In FIG. 2, the torque sensors 2 through the control device 7 are the same as those of FIG. 1. Reference numeral 12 is a battery for providing electric power to the control device 7. Further, 71 is an I/F circuit for inputting a signal from the torque sensor 2; 72 is an I/F circuit for inputting a signal from the vehicle speed sensor 3; 73 is an I/F circuit for inputting the engine rotation signal 4; 74 is an I/F circuit for inputting a signal from the key switch 5; 75 is the temperature sensor (the temperature detection section) for detecting the temperature; 76 is an I/F circuit for inputting a signal from the temperature sensor 75; 77 is a motor drive circuit for driving the motor 6; 78 is a current detection circuit for detecting the current being passed to the motor 6; and 79 is a micon for performing control of the electrical power steering.

Next, explanation will be made of an operation of the electric power steering control system according to Embodiment 1 of the present invention, making reference to the drawings.

FIG. 3 is a diagram depicting a control block of processing carried out by the micon inside the control apparatus of the electric power steering control system according to Embodiment 1.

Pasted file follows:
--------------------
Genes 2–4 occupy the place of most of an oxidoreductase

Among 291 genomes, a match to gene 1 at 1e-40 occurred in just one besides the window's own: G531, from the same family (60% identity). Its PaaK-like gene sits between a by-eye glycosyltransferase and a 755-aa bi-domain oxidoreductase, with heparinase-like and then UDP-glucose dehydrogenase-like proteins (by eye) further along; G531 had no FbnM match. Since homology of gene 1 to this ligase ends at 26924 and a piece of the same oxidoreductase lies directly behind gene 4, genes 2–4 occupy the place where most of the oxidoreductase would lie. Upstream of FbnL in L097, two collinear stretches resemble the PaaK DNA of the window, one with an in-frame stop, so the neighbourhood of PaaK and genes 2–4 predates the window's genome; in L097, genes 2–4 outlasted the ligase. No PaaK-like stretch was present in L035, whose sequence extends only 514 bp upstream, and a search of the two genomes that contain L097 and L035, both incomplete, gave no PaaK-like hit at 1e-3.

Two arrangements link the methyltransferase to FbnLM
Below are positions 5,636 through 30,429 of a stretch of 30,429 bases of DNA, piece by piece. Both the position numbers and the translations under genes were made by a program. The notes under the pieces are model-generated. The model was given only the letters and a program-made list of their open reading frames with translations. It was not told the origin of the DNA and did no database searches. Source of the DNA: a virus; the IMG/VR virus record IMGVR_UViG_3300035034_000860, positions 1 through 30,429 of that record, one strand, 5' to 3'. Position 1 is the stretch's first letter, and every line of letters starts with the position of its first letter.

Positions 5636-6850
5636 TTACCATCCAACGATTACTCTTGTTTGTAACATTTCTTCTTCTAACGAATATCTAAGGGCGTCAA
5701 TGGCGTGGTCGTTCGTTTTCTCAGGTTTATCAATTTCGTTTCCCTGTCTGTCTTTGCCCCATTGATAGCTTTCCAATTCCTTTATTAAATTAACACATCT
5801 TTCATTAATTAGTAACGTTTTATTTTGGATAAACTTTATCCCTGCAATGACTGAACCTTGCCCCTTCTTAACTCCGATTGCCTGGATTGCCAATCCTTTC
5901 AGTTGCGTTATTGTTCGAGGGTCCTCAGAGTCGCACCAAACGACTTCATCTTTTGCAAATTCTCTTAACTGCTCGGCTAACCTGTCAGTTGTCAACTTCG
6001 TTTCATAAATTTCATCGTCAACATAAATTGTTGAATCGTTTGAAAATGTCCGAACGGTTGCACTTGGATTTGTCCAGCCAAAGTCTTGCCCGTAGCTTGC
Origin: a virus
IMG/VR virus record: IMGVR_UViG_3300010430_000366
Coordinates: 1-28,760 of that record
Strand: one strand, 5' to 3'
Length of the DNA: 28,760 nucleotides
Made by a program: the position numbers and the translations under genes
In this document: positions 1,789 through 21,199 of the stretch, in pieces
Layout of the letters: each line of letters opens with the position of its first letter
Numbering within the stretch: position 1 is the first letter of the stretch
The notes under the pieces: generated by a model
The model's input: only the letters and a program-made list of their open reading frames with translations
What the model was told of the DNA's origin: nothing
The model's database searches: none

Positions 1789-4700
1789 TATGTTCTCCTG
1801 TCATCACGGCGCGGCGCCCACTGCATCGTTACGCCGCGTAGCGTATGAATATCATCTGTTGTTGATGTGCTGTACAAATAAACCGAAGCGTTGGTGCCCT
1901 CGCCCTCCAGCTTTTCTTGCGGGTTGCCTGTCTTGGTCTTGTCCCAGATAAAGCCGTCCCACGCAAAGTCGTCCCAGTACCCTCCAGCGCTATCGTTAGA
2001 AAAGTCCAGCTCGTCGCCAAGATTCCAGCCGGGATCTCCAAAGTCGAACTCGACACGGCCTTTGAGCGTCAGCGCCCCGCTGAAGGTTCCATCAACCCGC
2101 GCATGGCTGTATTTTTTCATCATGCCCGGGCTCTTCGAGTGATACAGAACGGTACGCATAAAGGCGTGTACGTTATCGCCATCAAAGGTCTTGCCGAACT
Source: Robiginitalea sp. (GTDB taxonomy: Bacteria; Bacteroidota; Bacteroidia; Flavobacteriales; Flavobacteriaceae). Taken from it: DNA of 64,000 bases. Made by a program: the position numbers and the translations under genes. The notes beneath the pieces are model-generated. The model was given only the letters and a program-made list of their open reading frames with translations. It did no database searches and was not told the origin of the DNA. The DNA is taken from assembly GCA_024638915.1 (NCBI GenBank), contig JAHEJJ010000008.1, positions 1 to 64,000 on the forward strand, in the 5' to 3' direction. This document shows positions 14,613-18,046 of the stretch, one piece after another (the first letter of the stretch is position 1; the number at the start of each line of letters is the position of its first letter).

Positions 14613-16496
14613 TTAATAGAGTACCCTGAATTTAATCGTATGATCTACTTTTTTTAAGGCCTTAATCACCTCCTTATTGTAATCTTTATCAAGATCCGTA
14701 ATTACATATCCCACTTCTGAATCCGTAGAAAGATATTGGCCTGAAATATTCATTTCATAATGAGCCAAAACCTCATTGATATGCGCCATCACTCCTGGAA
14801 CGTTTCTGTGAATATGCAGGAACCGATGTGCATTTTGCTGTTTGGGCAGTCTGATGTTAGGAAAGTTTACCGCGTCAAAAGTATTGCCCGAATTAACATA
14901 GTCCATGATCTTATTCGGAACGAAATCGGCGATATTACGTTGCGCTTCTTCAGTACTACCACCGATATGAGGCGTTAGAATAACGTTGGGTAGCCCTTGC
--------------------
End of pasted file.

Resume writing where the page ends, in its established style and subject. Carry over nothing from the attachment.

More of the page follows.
Explanation will now be made of the processing carried out by the micon 79. In FIG. 3, reference numeral 101 is a vehicle speed signal detected by the vehicle speed sensor 3; 102 is a torque signal detected by the torque sensor 2; and 103 is a temperature signal detected by the temperature sensor 75.

Further, in FIG. 3, 104 is a motor current determination unit (i.e., the motor current determination section) for determining, based on a vehicle speed signal 101 (VSP) and a torque signal 102 (TRQ), the motor current for assisting the steering force; 105 is a current limiting unit (i.e., the current limiting section) for applying a limit being the maximum current limit value (Limit), explained below, to the motor current (Iml) determined by the motor current determination unit 104; 106 is a motor current control unit (i.e., the motor current control section) for passing the target current (Imt) indicated by the current limiting unit 105 to the motor 6 in a controlled fashion such that the target current (Imt) is equivalent to the detected current (Imd) which is detected by an motor current detection unit explained below; and 107 is the motor current detection unit (i.e., the motor current detection section) for detecting the motor current and corresponds to the current detection circuit 78 of FIG. 2.

Additionally, in FIG. 3, 108 is a coefficient setting unit (i.e., the coefficient setting section) for setting a coefficient for calculation of the maximum current limit value described below in accordance with the temperature signal 103 (i.e., Temp); and 109 is a maximum current limit value calculation unit (i.e., the maximum current limit value calculation section) for calculating the maximum current limit value (i.e., Limit) based on the detected current (i.e., Imd) detected by means of the motor current detection unit 107 and the coefficient which is determined by means of the coefficient setting unit 108 (i.e., the maximum current limit value calculation section).

FIG. 4 is a diagram depicting input output characteristics of the motor current determination unit.